Interval Timing Precision in Mice with Chronic Traumatic Brain Injury

Biology major Jamie Carolyn Reulbach ’21 has been working with psychology professor David Freestone and biology professors Sonya Bierbower and Joseph Spagna to study interval timing precision in mice with traumatic brain injuries.

“Interval timing is the ability to perceive, remember, and organize behavior around two points in time in the seconds to minutes range. In humans, traumatic brain injury, or TBI, appears to impair interval timing precision,” says Reulbach, who is completing a pre-medical concentration in the biology major, as well as the biology honors track.  

The study investigated the effect of traumatic brain injury on interval timing and decision making by comparing mice with TBI versus those without.  

“These mice were trained in a food reward task in live-in operant chambers that automatically collected their foraging data. The results of this study so far indicate that TBI mice are slower and more indecisive when the probability of receiving food more readily increases. They appear to over-adjust their behavior in the task compared to the control mice,” explains Reulbach, who has been working on research with Professor Freestone for two years.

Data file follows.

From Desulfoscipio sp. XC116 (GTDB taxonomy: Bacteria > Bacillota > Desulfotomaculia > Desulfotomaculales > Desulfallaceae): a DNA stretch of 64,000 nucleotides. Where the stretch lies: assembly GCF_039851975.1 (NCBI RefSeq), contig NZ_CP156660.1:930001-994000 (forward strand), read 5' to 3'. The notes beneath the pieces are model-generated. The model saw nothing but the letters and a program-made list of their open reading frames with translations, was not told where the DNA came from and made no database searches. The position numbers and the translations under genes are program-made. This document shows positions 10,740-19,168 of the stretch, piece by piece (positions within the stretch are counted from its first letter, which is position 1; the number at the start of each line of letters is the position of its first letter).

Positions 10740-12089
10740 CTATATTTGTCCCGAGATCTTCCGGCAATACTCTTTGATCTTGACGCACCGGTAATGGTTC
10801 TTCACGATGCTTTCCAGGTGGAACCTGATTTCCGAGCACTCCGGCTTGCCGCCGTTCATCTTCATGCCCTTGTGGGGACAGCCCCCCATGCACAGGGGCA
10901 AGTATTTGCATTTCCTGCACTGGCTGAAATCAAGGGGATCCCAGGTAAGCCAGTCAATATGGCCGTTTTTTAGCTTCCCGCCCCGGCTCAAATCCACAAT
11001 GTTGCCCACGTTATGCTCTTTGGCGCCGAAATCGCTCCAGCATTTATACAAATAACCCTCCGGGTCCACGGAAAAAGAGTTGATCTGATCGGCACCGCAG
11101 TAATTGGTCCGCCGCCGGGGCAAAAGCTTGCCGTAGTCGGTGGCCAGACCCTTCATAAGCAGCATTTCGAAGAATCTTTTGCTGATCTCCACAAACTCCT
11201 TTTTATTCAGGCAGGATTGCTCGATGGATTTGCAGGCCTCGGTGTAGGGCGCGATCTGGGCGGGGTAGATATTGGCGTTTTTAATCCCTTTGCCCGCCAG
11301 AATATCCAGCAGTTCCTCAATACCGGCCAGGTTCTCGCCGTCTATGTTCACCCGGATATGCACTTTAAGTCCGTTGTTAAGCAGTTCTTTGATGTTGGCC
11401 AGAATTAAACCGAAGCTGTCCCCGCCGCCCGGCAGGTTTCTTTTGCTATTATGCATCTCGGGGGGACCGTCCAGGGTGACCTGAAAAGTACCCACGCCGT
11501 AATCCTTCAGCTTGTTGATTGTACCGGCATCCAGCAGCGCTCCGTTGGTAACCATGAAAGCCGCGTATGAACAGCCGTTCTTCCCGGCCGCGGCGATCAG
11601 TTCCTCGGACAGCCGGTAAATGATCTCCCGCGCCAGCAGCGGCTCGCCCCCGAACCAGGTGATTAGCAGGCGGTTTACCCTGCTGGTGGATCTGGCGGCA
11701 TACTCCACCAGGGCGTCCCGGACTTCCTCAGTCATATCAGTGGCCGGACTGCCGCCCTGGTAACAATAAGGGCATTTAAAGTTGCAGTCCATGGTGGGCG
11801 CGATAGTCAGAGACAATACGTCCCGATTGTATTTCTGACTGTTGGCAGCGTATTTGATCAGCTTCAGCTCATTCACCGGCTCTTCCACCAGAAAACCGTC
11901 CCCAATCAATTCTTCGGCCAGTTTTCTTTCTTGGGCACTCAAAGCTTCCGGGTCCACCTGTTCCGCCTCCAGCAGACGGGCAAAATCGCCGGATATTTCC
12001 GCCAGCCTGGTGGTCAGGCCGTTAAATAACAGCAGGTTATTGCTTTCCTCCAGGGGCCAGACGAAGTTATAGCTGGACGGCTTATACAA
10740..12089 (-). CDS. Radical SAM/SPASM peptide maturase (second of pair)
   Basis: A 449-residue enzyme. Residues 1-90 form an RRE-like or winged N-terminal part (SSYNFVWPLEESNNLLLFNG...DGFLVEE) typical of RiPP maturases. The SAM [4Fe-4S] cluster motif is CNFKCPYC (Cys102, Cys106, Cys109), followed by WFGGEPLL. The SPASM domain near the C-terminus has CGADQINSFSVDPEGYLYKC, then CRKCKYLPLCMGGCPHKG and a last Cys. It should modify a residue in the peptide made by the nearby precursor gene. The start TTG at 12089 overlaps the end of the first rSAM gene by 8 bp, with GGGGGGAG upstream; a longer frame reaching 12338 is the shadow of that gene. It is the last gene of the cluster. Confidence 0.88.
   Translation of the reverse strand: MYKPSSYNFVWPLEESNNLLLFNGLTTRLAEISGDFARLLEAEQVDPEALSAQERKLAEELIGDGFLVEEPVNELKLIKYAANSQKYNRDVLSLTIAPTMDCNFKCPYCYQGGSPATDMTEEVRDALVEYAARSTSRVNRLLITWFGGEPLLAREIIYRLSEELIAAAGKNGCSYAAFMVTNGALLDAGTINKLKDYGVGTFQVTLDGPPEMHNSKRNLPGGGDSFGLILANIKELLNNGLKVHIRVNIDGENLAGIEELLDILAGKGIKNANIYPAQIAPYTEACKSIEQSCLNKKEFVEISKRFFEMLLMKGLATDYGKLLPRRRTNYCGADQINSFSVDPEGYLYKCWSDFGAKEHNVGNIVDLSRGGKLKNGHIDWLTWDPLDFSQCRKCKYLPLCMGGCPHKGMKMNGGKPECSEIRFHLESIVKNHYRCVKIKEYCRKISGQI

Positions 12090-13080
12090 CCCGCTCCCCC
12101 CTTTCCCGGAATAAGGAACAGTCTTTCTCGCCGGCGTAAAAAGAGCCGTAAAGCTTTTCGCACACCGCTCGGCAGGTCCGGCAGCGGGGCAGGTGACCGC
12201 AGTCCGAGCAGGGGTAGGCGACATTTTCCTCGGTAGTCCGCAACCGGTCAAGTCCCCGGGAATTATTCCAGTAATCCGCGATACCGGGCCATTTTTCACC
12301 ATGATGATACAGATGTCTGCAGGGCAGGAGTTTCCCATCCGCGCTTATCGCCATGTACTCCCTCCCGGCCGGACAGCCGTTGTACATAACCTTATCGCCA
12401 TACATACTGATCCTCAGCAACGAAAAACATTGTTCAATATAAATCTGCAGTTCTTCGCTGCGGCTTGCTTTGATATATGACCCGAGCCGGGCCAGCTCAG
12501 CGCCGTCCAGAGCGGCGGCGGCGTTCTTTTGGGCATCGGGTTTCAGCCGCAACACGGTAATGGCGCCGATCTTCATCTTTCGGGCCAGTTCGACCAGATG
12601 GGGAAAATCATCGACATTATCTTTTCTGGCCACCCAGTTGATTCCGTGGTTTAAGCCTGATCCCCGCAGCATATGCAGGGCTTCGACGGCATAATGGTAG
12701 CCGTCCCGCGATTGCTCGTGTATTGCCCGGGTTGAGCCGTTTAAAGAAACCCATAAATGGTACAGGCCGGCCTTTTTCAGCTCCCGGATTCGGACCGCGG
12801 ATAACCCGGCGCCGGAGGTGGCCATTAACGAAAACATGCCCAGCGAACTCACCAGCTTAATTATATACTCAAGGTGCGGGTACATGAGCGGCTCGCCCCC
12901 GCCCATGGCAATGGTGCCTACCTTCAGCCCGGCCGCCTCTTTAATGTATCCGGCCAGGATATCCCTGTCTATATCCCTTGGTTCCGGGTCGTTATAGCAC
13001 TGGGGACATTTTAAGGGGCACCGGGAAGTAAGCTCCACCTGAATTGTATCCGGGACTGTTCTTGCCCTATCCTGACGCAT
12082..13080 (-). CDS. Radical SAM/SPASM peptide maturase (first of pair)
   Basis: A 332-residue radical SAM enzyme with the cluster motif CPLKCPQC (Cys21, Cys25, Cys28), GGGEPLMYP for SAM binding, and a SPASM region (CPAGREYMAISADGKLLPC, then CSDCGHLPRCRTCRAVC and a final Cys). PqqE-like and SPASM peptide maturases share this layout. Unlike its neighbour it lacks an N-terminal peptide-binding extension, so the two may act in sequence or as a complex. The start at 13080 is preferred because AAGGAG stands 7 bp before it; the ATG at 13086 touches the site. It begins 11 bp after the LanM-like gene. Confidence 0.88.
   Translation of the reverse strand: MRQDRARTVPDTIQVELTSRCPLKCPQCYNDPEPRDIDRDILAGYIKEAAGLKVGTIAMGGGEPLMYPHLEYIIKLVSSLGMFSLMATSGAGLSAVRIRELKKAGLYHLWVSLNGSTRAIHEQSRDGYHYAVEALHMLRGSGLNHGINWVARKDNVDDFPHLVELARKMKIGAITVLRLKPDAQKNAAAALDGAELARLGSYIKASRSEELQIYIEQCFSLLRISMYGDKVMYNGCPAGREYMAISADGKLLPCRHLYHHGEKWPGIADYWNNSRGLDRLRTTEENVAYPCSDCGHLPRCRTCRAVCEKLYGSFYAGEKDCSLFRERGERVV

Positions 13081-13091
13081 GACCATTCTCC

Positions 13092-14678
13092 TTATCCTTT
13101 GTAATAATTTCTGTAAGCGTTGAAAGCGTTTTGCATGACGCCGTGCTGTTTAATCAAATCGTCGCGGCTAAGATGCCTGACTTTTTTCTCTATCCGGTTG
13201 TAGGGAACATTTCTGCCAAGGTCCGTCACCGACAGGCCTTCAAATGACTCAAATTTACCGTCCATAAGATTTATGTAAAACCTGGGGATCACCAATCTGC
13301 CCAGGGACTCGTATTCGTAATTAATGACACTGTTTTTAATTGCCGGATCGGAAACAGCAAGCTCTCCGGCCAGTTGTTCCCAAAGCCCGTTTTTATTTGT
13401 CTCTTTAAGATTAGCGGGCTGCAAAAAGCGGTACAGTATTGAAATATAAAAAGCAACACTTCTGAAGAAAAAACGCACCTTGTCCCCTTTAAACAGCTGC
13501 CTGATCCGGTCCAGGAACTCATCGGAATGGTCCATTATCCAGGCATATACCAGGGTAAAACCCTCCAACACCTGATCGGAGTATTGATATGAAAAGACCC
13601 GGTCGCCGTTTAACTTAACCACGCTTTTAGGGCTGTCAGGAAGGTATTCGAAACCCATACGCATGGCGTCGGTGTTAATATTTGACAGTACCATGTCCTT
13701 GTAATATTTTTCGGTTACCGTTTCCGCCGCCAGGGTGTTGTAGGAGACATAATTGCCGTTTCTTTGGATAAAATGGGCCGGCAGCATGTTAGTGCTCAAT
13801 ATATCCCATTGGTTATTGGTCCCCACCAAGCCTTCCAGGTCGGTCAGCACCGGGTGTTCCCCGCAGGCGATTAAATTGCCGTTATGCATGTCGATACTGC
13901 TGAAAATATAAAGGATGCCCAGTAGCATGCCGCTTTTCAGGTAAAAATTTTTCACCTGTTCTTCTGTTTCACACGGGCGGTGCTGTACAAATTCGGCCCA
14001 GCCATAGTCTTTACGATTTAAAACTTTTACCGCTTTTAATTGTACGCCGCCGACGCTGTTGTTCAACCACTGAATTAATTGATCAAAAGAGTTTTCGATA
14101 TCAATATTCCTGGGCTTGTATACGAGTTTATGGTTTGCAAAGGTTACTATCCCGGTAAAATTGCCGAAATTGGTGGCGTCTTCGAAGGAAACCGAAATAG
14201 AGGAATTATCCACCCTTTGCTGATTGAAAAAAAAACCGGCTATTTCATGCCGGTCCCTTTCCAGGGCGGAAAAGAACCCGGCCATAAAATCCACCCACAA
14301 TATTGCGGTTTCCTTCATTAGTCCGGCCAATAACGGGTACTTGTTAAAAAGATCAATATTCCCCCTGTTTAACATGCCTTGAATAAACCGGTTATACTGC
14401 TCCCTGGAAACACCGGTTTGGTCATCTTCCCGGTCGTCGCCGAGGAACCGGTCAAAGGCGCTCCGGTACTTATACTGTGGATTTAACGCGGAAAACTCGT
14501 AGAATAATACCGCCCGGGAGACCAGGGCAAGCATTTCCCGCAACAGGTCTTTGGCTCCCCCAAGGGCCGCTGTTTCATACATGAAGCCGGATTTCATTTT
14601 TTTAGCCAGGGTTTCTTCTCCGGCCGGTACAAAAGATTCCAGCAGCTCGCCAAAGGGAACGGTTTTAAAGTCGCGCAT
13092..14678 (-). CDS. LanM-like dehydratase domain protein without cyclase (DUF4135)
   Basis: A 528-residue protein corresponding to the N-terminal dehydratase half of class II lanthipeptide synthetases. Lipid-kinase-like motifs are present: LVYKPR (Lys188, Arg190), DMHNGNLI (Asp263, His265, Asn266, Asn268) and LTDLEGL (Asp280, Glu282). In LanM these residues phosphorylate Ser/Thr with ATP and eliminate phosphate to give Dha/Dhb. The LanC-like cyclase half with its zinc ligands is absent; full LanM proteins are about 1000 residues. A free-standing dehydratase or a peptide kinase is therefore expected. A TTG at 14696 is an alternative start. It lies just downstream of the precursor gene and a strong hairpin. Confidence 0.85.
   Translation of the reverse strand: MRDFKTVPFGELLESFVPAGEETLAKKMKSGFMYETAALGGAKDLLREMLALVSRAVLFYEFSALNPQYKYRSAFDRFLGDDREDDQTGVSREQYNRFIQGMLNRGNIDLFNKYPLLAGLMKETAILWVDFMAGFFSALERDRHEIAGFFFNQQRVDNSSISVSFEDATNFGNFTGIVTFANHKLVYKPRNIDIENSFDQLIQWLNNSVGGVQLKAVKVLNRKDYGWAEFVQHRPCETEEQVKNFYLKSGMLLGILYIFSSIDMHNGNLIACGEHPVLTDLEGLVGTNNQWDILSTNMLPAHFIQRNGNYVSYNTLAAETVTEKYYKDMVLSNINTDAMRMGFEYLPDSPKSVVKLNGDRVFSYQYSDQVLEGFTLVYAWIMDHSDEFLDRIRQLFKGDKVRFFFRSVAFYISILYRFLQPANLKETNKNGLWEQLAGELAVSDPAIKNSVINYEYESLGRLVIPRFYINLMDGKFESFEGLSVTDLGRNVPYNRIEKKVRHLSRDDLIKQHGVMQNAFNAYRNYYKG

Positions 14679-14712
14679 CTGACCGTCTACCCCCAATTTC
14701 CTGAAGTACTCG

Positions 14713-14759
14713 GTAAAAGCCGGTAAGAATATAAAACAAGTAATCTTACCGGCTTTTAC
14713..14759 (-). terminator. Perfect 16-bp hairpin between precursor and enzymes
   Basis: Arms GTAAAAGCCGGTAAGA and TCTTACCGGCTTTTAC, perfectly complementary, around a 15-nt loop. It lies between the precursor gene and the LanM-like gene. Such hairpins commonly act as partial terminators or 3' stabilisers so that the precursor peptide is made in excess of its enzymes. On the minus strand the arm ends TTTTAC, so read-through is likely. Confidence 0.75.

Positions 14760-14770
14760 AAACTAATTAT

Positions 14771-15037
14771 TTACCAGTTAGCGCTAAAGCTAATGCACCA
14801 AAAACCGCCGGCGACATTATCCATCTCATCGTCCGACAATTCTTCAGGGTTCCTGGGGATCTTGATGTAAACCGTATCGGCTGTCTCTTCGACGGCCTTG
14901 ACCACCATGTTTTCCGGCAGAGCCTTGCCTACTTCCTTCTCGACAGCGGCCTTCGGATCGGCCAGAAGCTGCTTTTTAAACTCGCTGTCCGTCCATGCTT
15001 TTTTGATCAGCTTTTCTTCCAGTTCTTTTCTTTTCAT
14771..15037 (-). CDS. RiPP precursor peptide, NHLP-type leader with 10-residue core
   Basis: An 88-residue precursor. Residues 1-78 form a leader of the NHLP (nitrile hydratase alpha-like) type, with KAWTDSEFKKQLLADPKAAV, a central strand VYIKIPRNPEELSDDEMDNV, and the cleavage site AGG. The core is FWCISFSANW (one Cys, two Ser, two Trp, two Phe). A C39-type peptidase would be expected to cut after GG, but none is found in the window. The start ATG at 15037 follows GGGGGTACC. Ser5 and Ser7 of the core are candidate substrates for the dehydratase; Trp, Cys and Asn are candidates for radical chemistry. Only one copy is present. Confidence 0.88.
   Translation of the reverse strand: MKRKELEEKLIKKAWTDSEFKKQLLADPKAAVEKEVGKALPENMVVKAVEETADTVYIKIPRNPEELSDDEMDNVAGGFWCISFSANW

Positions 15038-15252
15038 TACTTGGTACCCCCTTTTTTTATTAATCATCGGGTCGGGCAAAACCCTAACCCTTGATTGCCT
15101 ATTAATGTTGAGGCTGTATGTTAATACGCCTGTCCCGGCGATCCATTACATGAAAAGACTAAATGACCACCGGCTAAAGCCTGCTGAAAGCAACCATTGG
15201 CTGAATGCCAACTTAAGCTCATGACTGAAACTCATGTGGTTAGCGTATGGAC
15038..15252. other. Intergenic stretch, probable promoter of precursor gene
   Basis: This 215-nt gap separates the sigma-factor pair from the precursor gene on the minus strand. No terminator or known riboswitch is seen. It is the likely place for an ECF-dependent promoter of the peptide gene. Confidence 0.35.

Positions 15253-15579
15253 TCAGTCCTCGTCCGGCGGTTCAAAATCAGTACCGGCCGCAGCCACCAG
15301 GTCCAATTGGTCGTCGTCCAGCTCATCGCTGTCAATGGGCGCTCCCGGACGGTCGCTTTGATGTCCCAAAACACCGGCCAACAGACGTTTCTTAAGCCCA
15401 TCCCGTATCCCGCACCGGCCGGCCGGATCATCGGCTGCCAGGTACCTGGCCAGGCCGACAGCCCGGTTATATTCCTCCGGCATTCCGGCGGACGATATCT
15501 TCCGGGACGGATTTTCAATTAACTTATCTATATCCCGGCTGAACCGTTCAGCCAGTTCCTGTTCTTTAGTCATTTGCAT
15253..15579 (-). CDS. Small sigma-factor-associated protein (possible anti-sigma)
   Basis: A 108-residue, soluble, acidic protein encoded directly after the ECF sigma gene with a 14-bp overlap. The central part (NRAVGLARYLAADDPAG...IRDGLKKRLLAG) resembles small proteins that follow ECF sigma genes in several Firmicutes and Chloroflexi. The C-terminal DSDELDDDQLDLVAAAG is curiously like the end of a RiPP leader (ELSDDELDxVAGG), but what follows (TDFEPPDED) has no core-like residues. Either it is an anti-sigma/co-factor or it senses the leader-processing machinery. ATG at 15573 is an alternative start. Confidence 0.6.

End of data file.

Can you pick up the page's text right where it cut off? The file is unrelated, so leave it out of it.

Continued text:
“Dr. Freestone has been my mentor since my sophomore year, and was the one who pushed me to become an Honors student. He has helped me through many projects and research, leading to a greater understanding of decision-making processes, data structure, and data analysis as a whole,” she says. “I feel like I have a solid foundation in the world of science and research that I achieved faster than many of my peers, and it gave me a healthy interest in continuing in the sciences and teaching other people.”

After graduation, Reulbach plans to attend graduate school, and then pursue a career in either medicine or further research.